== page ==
3. The people in the town guessed that their relationship had turned sour and so Homer Barron had left. And they expected to see a quarrel between them. When nothing of the kind happened, they were a little disappointed. Then they began to think that he perhaps had gone to prepare for the wedding.
blowing-off: a loud quarrel that signals the end of something
4. By that time, the cousins had completed their mission and should leave Jefferson. Now the townspeople were taking the side of Miss Emily and made secret plans to help her deal with her cousins in a clear way.
5. Her father had driven away her suitors so many times, thus preventing her prom getting what she wanted as a woman.
thwart: to prevent someone from doing what they are trying to do
6. What is the symbolic meaning of her vigorous iron-grey hair?
It symbolizes her strong and stubborn personality. She refused to make any change to adapt her herself to the changing society. Even her hair ceased turning its color.
7. Now Miss Emily no longer went out.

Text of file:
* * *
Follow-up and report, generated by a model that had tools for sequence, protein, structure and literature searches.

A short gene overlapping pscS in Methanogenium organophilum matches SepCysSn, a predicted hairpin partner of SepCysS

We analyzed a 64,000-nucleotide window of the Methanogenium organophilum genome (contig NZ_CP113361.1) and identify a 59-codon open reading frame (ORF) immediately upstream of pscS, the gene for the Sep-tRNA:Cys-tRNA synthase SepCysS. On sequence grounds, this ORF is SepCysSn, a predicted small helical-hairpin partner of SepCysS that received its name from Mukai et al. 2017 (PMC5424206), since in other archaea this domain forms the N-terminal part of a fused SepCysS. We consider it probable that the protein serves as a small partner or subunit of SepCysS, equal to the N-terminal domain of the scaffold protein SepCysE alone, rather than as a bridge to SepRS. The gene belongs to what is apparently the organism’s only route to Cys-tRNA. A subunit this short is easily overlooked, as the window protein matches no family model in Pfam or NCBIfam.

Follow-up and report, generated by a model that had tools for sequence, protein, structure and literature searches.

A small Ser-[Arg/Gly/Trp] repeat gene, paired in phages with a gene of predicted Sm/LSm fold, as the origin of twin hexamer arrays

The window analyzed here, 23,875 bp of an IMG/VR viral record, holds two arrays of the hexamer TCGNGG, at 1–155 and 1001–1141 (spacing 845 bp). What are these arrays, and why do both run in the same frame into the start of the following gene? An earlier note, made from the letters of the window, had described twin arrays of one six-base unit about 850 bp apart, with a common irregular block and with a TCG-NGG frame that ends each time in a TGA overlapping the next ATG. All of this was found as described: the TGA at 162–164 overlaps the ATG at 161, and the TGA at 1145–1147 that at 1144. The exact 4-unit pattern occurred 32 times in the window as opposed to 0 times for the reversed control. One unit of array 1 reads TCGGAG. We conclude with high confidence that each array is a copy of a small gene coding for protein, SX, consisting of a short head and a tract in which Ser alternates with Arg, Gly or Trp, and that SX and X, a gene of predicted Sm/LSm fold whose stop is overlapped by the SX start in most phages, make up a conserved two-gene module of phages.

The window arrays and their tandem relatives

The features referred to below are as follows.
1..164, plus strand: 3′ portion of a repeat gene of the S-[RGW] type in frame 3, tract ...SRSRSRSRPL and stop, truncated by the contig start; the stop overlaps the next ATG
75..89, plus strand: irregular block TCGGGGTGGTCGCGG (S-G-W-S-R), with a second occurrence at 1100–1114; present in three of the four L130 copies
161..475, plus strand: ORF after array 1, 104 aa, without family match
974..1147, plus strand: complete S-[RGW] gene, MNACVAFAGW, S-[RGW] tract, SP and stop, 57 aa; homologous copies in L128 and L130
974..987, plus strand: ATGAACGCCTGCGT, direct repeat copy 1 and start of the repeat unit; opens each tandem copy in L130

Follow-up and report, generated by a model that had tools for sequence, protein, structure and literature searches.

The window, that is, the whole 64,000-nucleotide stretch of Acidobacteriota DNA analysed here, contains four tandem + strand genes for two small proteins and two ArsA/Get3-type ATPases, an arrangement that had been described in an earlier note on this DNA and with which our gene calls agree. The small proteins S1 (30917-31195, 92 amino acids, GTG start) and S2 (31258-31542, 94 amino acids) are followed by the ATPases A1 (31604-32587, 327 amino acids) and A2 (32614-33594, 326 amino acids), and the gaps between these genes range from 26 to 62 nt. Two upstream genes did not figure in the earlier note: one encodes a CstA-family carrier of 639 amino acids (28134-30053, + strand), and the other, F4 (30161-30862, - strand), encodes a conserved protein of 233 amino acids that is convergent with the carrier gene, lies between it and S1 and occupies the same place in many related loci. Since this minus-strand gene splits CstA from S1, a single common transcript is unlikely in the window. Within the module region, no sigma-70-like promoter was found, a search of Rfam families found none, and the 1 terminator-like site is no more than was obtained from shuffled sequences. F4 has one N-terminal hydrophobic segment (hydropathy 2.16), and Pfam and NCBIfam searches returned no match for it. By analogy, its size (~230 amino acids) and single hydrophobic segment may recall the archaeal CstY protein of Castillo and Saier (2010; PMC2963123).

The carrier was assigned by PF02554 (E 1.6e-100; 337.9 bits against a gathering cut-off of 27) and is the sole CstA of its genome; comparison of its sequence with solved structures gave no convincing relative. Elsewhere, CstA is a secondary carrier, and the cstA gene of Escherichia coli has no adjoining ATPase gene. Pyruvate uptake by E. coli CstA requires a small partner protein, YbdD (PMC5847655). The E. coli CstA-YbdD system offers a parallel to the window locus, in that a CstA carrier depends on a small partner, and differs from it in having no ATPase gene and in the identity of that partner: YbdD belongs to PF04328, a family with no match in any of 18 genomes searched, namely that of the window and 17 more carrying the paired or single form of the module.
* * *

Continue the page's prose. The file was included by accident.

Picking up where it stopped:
From time to time the townspeople would
see her in one of the downstairs windows.
She had evidently shut the top floor of the
house. Sitting in the window, Miss Emily
looked like the carved torso of an idol for
worship placed in a niche. Whether she
was looking at us or not we could not tell
and it was not important because she had
ceased to be a real human being, but
had completely become a sort of monument,
symbol of a tradition and hereditary
8. The author uses five adjectives to describe how the townspeople felt about Miss Emily. These words reflect the townspeoples ambivalent attitude toward Miss Emily. She was dear because she represented the Southern heritage to a certain extent. She was inescapable because she was a sort of hereditary obligation upon the town. She was impervious and not affected by any changes taking place in the town, and her imperviousness was well reflected by her ignoring the tax notice and her refusal to pay taxes. She was tranquil. Though she was tragic, she remained calm and free from disturbance. Her tranquility as well as her rigidity was portrayed by her motionless silhouette in the window. She was certainly perverse, always behaving in an unreasonable way and regularly doing the opposite of what people expected her to do.